- Associated Press - Tuesday, March 15, 2011

FRANKFORT, Ky. (AP) — A trade group representing the family-owned corner drug stores in many small towns in Kentucky warned Tuesday that cuts to the Medicaid program could have dire consequences, including closures.

“Many of the independent pharmacists that I represent don’t have the financial resources to take this type of reduction, even for a short period of time,” said Cathy Hanna, vice president of American Pharmacy Services Corp.

The House Appropriations and Revenue Committee also heard concerns about the impacts the potential Medicaid cuts could have on hospitals, nursing homes and physicians. It was the second day of a special legislative session called to shore up the program that serves more than 800,000 elderly, poor and disabled Kentuckians.

Democratic Gov. Steve Beshear notified Medicaid providers last week that reimbursements will have to be cut 35 percent for the remainder of this fiscal year unless lawmakers take action quickly.

The House is considering legislation that shifts $166.5 million from next fiscal year’s appropriations to be used to balance this year’s Medicaid budget. The Senate is considering a competing bill that would cut all government services to free up money to balance the Medicaid budget.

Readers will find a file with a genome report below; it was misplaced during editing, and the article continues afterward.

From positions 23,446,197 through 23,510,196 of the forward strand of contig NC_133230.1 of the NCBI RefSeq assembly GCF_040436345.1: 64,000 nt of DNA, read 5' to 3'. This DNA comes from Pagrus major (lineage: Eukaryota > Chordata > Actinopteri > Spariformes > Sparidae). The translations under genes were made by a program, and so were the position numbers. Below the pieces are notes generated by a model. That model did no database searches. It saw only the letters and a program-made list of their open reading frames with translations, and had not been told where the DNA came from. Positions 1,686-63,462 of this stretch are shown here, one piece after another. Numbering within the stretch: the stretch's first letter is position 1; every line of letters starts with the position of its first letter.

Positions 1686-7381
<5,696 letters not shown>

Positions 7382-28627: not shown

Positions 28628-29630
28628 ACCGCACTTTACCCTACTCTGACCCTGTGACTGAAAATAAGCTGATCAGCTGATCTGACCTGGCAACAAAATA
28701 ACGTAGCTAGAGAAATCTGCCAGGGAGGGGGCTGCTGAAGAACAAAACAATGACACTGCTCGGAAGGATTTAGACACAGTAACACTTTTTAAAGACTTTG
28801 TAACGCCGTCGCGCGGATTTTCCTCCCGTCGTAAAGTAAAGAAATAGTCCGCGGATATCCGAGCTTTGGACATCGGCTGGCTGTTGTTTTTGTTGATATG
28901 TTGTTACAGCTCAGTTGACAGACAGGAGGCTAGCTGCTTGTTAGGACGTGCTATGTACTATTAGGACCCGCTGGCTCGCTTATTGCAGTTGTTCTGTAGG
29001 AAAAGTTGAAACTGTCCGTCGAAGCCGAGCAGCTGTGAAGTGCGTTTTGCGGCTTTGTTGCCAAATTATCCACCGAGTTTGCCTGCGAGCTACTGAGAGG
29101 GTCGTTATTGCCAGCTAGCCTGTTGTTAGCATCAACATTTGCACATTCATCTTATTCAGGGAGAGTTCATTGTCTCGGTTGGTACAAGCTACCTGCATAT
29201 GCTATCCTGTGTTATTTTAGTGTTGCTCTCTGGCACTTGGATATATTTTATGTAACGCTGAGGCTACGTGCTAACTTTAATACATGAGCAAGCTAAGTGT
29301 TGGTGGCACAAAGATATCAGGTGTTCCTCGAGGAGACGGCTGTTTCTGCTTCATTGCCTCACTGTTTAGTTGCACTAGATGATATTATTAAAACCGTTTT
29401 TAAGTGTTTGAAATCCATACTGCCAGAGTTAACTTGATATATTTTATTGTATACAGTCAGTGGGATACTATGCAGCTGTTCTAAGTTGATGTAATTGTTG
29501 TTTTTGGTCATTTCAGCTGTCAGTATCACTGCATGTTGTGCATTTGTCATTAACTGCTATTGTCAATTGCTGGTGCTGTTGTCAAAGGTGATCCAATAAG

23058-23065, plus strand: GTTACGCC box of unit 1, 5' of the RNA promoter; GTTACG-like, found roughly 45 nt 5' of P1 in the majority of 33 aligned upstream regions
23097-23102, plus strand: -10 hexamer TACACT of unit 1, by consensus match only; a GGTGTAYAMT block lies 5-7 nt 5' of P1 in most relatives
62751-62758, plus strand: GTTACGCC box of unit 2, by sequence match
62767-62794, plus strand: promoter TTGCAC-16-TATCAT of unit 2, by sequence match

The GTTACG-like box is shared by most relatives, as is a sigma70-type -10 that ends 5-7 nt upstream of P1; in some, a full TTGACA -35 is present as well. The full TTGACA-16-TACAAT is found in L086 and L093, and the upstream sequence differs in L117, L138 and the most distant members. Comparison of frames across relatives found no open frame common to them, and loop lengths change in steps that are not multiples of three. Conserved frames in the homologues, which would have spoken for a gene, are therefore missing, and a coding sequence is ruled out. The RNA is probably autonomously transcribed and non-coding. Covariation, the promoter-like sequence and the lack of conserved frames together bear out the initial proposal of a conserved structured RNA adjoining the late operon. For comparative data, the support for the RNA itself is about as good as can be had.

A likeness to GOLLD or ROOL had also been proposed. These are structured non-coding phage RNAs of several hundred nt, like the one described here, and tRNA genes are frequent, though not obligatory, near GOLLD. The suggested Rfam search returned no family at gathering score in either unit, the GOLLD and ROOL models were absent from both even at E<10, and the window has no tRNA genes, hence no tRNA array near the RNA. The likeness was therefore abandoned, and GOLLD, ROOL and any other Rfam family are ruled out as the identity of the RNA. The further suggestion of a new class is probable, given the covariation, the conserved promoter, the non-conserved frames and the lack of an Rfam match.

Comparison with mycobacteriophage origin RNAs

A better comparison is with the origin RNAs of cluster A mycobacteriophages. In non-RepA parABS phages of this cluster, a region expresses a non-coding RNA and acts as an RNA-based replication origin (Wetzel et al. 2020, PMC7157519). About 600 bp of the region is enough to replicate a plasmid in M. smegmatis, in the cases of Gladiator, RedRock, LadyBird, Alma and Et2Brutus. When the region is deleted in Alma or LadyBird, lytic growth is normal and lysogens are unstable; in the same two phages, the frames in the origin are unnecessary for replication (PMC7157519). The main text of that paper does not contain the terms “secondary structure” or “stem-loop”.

What should have been a relatively simple chore of plugging the Medicaid deficit has become politically charged, leaving a Republican majority in the Senate and the Democratic majority in the House at an impasse.

They ended a legislative session last week without reaching a resolution, and Beshear, a Democrat, called them back.

The Beshear administration originated the House proposal for filling the Medicaid budget gap with an inter-agency financial transfer, followed by a move to privatize selected Medicaid services. Senate President David Williams, one of three Republicans seeking the GOP gubernatorial nomination to run against Beshear in the fall, is insisting on across-the-board cuts to free up money for Medicaid.

The result has been heated political rhetoric. The House heard testimony in the education and judiciary committees on Monday from people lamenting the hardships of the Senate’s proposed cuts.

State Rep. Rick Rand, D-Bedford, chairman of the House budget committee, said independent, family-operated pharmacies are important to many small towns.

“I fear that a 35 percent cut would put many under,” he said. “It would be tragic.”

Kentucky Medical Association attorney Bill Doll said the potential cuts could also hurt physicians, especially pediatricians who care for Medicaid-dependent children. Doctors, he said, would have to absorb about $41 million of the overall cuts.

“It sends a scary message to physicians,” Doll said.

Michael Rust, president of the Kentucky Hospital Association, urged lawmakers to move quickly to head off the cuts that would cost Kentucky hospitals about $130 million.

Rust said rural hospitals that have a larger load of Medicaid patients would be among those most severely impacted.



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